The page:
In her opening argument in the Federal criminal trial of Sylvia Ash, the attorney for the Brooklyn Supreme Court Justice asked jurors to consider her client just another victim of former Municipal Credit Union CEO Kam Wong, who was convicted in 2019 for embezzling $10 million from the coffers he oversaw.
Ms. Ash served as a member of the MCU board from 2008 through August 2016, and chaired it for the last 15 months of that period. She was arrested in October 2019 on charges that she received tens of thousands of dollars in improper reimbursements from MCU and obstructed Federal prosecutors' probe of Mr. Wong’s multi-million-dollar ripoff by destroying evidence and lying to investigators.
'No Cover-Up, No Crime'
“The government just got it wrong,” defense lawyer Carrie Cohen told the jurors. “Ms. Ash never lied to the government…She cooperated with the government voluntarily and met with investigators three times without a lawyer…No lies, no cover-up, no crime.”
She continued, “The fact that Ms. Ash is a judge does not mean she’s guilty…Your duty is not to assume the government is right.”
A few of our stories and columns are now in front of the paywall. We at The Chief-Leader remain committed to independent reporting on labor and civil service. It's been our mission since 1897. You can have a hand in ensuring that our reporting remains relevant in the decades to come. Consider supporting The Chief, which you can do for as little as $2.25 a month.
Ms. Cohen addressed the jurors from a plexiglass booth in Judge Lewis Kaplan’s courtroom. Like the rest of the proceedings in the Moynihan Courthouse, the trial is observing strict coronavirus precautions, including seating those present at least six feet from each other.
Prosecutor Alona Katz, however, told jurors Ms. Ash had willingly aided Mr. Wong in his attempt to cover his tracks once the FBI zeroed in on his looting, which included scores of cash withdrawals to feed his gambling addiction and extravagant lifestyle from 2013 to 2018.
'Lied, Concealed, Deleted'
She said prosecutors would produce evidence that the Brooklyn jurist had “knowingly signed a false document” at Mr. Wong’s suggestion and “lied, concealed and deleted evidence… claiming she had nothing to turn over” after being subpoenaed by prosecutors.
The government’s original complaint alleged that “in 2015 the Credit Union spent approximately $63,408 for the benefit of or at the direction of Ash, the most of any Board Director that year.” Those covered conferences she attended in Cancun, San Juan, Las Vegas, Cuba and the Greek Isles.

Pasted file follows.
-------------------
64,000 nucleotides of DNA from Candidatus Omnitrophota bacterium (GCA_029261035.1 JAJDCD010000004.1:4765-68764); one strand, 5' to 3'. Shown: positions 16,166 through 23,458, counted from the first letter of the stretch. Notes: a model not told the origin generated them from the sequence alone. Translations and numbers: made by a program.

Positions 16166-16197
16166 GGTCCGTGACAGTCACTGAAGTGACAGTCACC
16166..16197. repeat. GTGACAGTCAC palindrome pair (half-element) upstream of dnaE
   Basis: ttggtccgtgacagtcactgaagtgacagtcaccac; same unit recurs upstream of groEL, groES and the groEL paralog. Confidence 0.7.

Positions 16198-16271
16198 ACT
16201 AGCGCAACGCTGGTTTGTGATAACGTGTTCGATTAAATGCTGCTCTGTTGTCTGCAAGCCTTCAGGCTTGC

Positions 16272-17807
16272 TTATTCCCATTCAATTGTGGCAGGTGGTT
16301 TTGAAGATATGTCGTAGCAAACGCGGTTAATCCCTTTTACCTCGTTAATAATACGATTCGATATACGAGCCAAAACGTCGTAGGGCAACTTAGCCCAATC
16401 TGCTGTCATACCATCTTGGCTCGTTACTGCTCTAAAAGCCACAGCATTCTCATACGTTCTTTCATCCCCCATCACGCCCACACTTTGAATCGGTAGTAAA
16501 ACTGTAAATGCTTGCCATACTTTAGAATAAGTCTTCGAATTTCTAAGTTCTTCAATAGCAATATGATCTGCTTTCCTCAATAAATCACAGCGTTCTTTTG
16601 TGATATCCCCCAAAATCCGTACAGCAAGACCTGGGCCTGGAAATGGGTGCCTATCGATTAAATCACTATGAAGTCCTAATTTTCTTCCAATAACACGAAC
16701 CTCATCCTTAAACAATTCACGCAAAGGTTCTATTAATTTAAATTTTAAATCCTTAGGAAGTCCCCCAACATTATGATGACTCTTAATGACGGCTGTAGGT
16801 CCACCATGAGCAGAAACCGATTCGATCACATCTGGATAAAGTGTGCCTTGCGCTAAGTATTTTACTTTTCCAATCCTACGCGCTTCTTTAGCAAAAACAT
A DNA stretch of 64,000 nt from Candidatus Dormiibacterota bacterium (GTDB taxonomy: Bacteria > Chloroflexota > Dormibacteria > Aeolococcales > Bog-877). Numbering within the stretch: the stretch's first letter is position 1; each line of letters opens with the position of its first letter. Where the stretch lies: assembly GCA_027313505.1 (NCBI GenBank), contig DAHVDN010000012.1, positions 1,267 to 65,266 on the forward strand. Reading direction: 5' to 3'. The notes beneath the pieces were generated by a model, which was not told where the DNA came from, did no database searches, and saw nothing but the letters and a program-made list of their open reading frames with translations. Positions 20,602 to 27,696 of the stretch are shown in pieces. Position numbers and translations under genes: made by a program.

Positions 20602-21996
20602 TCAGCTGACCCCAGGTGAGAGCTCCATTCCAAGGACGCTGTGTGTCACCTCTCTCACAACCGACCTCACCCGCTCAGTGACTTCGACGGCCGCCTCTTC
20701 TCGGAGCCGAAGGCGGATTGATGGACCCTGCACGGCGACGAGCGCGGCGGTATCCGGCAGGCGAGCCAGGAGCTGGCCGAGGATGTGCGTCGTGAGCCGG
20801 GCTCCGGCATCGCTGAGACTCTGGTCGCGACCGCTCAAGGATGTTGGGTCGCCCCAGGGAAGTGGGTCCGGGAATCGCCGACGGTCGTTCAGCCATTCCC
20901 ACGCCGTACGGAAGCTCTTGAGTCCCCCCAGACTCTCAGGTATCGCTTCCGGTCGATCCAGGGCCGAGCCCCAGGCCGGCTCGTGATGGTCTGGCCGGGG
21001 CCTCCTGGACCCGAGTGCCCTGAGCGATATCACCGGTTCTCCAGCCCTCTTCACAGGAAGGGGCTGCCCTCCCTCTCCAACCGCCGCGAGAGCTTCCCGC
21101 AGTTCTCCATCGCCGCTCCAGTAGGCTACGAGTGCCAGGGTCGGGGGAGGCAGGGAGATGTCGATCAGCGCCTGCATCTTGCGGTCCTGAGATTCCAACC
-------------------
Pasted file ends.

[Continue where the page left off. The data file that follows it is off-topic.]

In October 2016, prosecutors charged, the MCU paid for her trip to a credit-union conference in Las Vegas with a guest, covering $3,800 in hotel, airfare, food and entertainment expenses, including three tickets to a Britney Spears Concert at Planet Hollywood.
Ms. Ash was placed on a paid suspension from her $210,000-a-year job as the Presiding Judge of Brooklyn Supreme Court's Commercial Division after she was arrested.
In May 2019, Joseph Guagliardo, a former NYPD officer and long-time member of the MCU’s supervisory committee, pleaded guilty to embezzling more than $400,000 from the credit union.
According to the court filings, he created a security company into which he channeled MCU funds that he paid to himself and his family and over-billed the credit union for more than $200,000 in web advertising services provided by a non-profit he controlled.
At the same time, prosecutors charged he had “unlawfully distributed controlled substances to the former chief executive officer of MCU [Wong], in the form of prescription drugs, some of which were obtained from Mr. Guagliardo's spouse, who worked as a doctor affiliated with a public hospital, and some of which were obtained from a different doctor affiliated with the NYPD.”
A June 2018 survey by this newspaper of the MCU’s 990 Federal tax filings and several credit unions of comparable, or even slightly larger sizes, found that in addition to Mr. Wong, MCU’s top executives were unusually well compensated with three of them earning in excess of $600,000 in salary and bonuses during 2016.
Administrator Stepped In
In May of 2019 the New York State Department of Financial Services seized the MCU and appointed the National Credit Union Administration, the nation’s credit union regulator which insures members' accounts up to $250,000, as its administrator.
In late 2019, the credit union offered buyout packages to employees as part of a plan to close five of its 16 branches. The MCU website now lists 10 locations.
“Yeah, I love the credit union,” said one NYPD officer, noting it gave him a loan to buy his uniform and other must-have equipment secured against only his promise of employment by the city. “You don’t see the Wall Street banks doing something like that.”
But on the eve of Justice Ash’s trial, Bob Croghan, chairman of the Organization of Staff Analysts and a longtime MCU member and activist, bemoaned the loss of member participation in its management.
“I am very concerned that this is still not in the hands of the membership,” Mr. Croghan said. “It should not be run by a faceless bureaucracy that does not respond to the people.”
We depend on the support of readers like you to help keep our publication strong and independent. Join us.